I love that waveshape is a voltage-controllable parameter, because it allows you to dial in combinations of abstract tones and perform pseudowavetable synthesis using modulators (see Web Clip 1). Thanks to the incredible stability of the oscillators, the linear FM control lets you conjure up all sorts of clangorous and metallic-sounding goodies containing unmistakably warm, analog undertones. Hard sync is something every Minimoog owner has longed for, and depending on how you apply it here, the sound can be aggressive with extreme overdrive or warm, richly harmonic, and quite vocal (see Web Clip 2). Obviously, having Velocity and Aftertouch to integrate with up-to-date modulation offerings is a big thrill for Minimoog aficionados like myself, as are the exquisite-sounding multimode filters.

I also understand and applaud Moog Music's decision and intent to stay faithful to the instrument's all-analog heritage, which is why I wasn't disappointed by the absence of MIDI, USB, or any other digital connectivity or control that synthesists have become so accustomed to. I can live without those luxuries in this particular instance — the OS returns a greater sense of artistry and organics to your performance and to the Minimoog experience in general.

Nonetheless, having no access to presets is a real drag from the past that I really don't enjoy revisiting. Don't get me wrong: with knob-per-function access and no tiny LCDs or endless menus to surf, the Old School couldn't be easier to use or program. But for live performance, the lack of presets will force you to juggle your playlists to allow enough time between songs to twist knobs for the right sound. Thoughtfully, an included patch book contains 36 leads, 12 basses, and 6 sound effects transcribed from the original Voyager's factory banks, complete with patch bank and number for cross-referencing.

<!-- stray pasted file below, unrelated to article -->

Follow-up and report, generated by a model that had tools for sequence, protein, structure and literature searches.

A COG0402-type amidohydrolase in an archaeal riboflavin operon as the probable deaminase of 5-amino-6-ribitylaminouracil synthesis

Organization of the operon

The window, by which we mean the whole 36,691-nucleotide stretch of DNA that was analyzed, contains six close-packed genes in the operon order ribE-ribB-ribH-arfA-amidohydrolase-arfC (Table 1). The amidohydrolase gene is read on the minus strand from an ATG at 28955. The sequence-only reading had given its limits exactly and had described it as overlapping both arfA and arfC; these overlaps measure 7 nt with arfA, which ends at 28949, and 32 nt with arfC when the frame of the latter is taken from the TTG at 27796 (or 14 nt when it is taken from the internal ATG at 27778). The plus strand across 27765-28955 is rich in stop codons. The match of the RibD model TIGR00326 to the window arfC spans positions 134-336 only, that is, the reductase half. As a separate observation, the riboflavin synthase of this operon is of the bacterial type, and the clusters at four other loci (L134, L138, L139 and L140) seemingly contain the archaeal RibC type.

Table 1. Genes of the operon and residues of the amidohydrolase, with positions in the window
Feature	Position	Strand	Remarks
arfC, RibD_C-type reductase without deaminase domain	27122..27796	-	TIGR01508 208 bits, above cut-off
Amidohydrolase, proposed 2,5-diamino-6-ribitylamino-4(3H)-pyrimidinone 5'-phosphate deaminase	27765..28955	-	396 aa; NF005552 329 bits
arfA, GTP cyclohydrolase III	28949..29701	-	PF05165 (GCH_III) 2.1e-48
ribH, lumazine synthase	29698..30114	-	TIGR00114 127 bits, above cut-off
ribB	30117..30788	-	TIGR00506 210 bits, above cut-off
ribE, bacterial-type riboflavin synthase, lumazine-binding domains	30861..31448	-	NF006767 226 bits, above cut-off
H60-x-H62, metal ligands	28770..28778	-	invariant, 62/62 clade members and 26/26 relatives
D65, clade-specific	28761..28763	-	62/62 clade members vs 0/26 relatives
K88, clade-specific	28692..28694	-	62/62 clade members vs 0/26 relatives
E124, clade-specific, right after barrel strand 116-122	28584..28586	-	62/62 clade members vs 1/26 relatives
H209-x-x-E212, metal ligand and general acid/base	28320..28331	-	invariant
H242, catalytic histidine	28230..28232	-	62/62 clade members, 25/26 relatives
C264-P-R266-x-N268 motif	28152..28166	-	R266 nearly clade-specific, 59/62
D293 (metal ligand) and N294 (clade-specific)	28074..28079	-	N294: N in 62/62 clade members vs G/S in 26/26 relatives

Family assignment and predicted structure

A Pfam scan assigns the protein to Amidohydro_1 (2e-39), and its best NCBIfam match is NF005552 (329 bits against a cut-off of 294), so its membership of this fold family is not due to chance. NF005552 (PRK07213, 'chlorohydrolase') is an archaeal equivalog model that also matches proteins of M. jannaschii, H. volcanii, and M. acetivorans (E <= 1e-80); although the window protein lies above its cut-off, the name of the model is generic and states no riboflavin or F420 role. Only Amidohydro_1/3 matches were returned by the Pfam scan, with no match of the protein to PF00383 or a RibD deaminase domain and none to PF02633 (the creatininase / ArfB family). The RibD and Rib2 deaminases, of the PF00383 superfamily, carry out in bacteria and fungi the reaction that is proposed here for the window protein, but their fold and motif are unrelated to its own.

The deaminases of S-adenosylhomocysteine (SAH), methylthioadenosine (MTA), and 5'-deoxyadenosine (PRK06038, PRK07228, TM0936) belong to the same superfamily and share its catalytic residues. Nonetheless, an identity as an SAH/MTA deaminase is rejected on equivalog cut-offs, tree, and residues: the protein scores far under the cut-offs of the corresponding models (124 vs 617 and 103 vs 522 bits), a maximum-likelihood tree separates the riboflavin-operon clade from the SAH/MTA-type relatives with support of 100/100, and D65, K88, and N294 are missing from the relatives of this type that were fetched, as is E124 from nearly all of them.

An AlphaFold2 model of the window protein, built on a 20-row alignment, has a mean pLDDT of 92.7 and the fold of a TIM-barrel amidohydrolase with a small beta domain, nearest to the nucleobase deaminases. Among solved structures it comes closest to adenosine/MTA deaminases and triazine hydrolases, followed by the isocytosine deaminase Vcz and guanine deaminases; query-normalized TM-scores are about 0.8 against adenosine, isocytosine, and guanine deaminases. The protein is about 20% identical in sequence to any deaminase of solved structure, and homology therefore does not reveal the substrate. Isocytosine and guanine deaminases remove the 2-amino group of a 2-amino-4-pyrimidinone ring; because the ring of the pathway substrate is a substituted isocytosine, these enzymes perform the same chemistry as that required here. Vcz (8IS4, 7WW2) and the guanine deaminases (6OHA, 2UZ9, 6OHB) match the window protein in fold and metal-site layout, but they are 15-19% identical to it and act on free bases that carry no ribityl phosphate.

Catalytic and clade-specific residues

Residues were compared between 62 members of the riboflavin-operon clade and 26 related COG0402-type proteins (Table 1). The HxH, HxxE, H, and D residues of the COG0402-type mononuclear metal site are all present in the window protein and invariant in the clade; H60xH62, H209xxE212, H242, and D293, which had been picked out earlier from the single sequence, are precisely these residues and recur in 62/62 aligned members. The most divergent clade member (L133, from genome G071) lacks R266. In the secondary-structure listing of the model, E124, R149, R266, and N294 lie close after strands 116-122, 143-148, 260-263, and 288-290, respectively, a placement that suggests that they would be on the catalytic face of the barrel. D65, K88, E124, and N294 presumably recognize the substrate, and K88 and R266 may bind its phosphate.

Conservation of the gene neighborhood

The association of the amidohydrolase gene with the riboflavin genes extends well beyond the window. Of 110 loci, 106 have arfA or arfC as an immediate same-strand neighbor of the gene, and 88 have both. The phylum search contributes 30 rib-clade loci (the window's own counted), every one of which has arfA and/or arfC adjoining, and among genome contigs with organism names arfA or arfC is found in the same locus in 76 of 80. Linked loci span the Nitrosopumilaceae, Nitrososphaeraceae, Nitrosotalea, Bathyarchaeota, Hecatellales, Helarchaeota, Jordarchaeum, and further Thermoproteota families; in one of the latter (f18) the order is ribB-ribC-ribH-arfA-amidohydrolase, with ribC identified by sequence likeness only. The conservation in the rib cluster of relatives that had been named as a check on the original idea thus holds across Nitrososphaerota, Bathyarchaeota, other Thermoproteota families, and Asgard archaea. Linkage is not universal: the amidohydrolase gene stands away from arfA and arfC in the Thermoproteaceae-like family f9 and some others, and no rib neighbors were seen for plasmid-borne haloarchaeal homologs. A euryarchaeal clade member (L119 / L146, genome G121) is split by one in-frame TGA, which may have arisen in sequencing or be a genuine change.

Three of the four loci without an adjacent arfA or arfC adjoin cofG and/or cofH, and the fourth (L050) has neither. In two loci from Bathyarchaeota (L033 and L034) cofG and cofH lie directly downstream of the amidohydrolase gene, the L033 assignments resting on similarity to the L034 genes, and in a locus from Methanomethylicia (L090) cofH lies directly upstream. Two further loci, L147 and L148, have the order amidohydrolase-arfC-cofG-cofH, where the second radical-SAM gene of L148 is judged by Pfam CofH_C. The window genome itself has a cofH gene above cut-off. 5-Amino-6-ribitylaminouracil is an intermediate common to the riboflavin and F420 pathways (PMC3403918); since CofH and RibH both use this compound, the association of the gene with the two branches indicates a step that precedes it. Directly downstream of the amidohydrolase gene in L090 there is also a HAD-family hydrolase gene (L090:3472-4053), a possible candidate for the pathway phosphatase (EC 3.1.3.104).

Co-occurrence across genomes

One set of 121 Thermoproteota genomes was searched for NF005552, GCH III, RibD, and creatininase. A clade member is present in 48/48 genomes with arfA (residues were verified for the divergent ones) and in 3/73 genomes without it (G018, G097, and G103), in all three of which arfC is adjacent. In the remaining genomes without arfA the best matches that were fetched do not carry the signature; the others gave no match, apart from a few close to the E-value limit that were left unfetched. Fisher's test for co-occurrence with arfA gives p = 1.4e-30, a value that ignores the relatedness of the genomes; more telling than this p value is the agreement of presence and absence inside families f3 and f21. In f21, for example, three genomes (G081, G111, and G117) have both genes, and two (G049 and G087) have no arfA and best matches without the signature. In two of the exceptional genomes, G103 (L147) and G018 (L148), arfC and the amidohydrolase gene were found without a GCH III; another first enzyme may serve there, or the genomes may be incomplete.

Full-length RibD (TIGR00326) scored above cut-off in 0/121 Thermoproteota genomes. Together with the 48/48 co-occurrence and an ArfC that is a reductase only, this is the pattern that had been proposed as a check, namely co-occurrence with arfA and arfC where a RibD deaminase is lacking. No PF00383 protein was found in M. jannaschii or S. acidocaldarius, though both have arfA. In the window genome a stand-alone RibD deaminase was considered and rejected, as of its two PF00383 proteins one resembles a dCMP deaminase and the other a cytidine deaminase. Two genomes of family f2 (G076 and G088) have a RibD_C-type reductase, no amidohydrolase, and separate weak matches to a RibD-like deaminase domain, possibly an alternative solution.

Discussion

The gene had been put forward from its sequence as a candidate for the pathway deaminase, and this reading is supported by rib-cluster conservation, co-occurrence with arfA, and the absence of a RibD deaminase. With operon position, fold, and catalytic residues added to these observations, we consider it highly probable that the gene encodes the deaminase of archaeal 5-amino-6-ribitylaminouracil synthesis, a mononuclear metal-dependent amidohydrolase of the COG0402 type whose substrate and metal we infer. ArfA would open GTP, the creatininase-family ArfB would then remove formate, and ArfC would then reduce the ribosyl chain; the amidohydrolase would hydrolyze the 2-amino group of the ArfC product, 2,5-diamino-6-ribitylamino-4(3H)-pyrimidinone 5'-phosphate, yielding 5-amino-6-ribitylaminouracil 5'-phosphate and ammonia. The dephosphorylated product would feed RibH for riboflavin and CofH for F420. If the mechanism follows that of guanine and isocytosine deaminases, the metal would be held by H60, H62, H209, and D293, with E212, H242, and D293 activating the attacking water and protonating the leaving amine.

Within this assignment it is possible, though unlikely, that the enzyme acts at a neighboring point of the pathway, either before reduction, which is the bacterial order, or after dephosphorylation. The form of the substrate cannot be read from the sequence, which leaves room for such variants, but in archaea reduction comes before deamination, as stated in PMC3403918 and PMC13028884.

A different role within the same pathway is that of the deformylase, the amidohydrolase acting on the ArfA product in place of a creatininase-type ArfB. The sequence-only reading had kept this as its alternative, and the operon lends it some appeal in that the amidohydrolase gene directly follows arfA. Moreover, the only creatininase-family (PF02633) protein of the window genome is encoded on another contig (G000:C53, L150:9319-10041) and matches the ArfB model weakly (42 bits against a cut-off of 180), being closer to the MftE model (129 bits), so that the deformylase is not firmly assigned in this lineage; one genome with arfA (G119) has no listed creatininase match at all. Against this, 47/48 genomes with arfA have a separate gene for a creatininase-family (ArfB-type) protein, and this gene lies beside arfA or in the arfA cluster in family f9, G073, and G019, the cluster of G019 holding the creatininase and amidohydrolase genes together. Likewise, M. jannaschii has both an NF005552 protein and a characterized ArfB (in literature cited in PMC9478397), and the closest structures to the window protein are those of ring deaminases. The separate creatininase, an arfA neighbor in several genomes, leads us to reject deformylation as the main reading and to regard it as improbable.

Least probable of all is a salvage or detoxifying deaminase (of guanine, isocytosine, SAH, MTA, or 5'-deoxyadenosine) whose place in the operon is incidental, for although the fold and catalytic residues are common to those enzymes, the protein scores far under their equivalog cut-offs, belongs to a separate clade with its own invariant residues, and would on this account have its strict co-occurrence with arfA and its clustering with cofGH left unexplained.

I'm Down with It

The value of an instrument such as the OS really is in the eyes of the beholder and will depend on your priorities. Moog Music is obviously placing hope in players who are looking for a roadworthy replacement for their venerable Mini, who want a full-featured centerpiece for a modular synth rig, or who just crave a direct, hands-on connection to spontaneous creativity. To those ends, the company has definitely succeeded.

You'd be hard-pressed to find a more exciting or beautiful little monophonic performance synth. It certainly beats picking up secondhand synths, with all their age-related idiosyncrasies. The Minimoog Voyager Old School's downright cool vibe should make it a modern classic.


Jason Scott Alexander is a regular contributor to Mix and Remix magazines and runs a world-class mix/production facility in Canada's capital, Ottawa.

PRODUCT SUMMARY

monophonic analog synthesizer
$2,395

PROS: Timeless, earthy sound. Three analog VCOs. Dual multimode filters. Enhanced modulation. CV inputs and outputs. Durable, handmade construction. Inspiring to touch and play. Major cool factor.

CONS: No presets. No MIDI.

FEATURES 1 2 3 4 5
EASE OF USE 1 2 3 4 5
QUALITY OF SOUNDS 1 2 3 4 5
VALUE 1 2 3 4 5

Moog Music
moogmusic.com

In our reviews, prices are MAP or street unless otherwise noted.

GUIDE TO EM METERS

5 Amazing; as good as it gets with current technology
4 Clearly above average; very desirable
3 Good; meets expectations
2 Somewhat disappointing but usable
1 Unacceptably flawed

ONLINE LINKS

EM''s Minimoog Voyager review
emusician.com/elecinstruments/emusic_moog_musicminimoog_voyager/index.html

Moog Music''s Minimoog Voyager Old School page
www.moogmusic.com/voyager/?section=product&product_id=21108

Alert to All Users of the Disqus commenting system:
Because of a recent global security issue, the Disqus website recommends that all users change their Disqus passwords. Here's a URL about the issue: http://engineering.disqus.com/2014/04/10/heartbleed.html
comments powered by Disqus
related articles
Connect with EM
Free eNewsletter
the em poll


most popular
No Articles Found